". . . But the past does not exist independently from the present. Indeed, the past is only past because there is a present, just as I can point to something over there only because I am here. But nothing is inherently over there or here. In that sense, the past has no content. The past -- or more accurately, pastness -- is a position. Thus, in no way can we identify the past as past." p. 15

". . . But we may want to keep in mind that deeds and words are not as distinguishable as often we presume. History does not belong only to its narrators, professional or amateur. While some of us debate what history is or was, others take it into their own hands." p. 153

Silencing the Past: Power and the Production of History (1995) by Michel-Rolph Trouillot

Tuesday, November 3, 2015

Hello From Richmond, VA, On the Way to Chestertown, MD

Or -- a correction to the NYTimes.

It’s the birthday of Stephen F. Austin, who worked to settle Anglo-American families in Mexican Texas and who in 1836 became the In today's New York Times morning briefing, we read:

" ... founder of the Republic of Texas, which lasted nine years."

It could have as easily read:

>It’s the birthday of Stephen F. Austin, who brought slavery to Texas.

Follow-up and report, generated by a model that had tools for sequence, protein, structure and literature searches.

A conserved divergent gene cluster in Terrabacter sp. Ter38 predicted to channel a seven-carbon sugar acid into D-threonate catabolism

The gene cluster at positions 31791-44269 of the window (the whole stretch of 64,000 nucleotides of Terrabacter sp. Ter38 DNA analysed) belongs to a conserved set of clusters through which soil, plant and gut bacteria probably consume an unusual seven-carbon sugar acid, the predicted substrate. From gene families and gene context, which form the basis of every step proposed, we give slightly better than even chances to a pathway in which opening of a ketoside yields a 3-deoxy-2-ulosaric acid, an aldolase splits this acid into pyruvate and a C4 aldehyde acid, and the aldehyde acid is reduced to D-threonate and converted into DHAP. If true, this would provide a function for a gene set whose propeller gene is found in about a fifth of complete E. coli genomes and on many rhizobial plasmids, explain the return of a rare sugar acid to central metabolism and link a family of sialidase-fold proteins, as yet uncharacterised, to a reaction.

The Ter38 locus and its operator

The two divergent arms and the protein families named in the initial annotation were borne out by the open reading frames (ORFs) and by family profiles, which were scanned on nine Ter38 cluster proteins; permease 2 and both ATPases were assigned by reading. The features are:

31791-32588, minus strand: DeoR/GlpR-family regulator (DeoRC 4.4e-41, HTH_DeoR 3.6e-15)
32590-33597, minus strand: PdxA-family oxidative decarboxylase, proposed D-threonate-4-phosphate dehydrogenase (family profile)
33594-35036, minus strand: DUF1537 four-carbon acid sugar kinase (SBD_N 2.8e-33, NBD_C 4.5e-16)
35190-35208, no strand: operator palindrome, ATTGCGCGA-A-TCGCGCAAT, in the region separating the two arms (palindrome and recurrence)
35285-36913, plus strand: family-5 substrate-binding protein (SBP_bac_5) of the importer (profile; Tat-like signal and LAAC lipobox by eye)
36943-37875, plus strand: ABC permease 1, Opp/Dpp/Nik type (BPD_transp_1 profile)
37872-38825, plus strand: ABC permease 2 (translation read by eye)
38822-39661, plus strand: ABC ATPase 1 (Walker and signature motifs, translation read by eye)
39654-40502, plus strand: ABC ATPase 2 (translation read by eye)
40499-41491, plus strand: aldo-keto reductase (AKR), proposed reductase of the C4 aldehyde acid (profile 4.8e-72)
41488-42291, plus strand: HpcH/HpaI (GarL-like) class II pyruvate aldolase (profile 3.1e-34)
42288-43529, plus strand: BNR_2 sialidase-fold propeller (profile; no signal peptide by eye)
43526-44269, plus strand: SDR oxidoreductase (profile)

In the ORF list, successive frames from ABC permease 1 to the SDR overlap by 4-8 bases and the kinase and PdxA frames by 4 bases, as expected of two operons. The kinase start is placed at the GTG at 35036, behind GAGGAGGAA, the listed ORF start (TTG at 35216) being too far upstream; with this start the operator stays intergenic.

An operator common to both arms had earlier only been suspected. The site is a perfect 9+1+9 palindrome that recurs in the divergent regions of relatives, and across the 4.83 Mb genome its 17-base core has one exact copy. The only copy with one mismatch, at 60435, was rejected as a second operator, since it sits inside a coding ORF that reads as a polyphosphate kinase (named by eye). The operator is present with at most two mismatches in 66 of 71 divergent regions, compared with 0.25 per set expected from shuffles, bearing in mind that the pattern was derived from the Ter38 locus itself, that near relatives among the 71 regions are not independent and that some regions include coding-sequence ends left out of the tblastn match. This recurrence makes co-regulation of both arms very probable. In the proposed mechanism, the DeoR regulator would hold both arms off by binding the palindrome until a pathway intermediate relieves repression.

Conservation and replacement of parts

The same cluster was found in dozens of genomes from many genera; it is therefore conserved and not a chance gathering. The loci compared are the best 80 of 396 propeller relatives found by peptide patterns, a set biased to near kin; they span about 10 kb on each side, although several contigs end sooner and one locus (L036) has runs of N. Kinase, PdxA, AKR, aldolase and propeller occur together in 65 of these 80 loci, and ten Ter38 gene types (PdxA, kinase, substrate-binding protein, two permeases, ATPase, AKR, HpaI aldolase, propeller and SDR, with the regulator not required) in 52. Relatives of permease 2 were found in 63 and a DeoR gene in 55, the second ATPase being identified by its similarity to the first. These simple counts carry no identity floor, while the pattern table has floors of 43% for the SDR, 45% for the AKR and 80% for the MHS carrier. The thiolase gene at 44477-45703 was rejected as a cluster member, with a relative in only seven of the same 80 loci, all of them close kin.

To quote from, yes, The American Slave Coast:

"Mexico after its independence in 1821 prohibited slavery, but the territory was only sparsely settled; hoping to populate it, the Mexican government invited in settlers from the United States, giving them land. But once the settlers moved in, they declared it theirs. Moses Austin, who had become one of the country’s major producers of lead, was a major promoter of the Texas colonization movement. With his eyes on Mexico’s lead mines, Austin had sworn allegiance to the Spanish crown in 1798. His son, the Virginia-born, Missouri-raised land speculator Stephen F. Austin, brought slavery to Texas and fought to keep it.

It was an article of faith throughout the South that American slavery must expand into Texas and beyond. There was no question that Texas would be an ultimate destination for young African Americans who were being born and raised all over the cotton kingdom. Stephen Austin wrote his sister Emily from New Orleans in August 1835, the summer of the Southern abolition panic: “It is very evident that Texas should be effectually, and fully, Americanized . . . Texas must be a slave country. It is no longer a matter of doubt. The interest of Louisiana requires that it should be. A population of fanatical abolitionists in Texas would have a very dangerous and pernicious influence on the overgrown slave population of [Louisiana].” 

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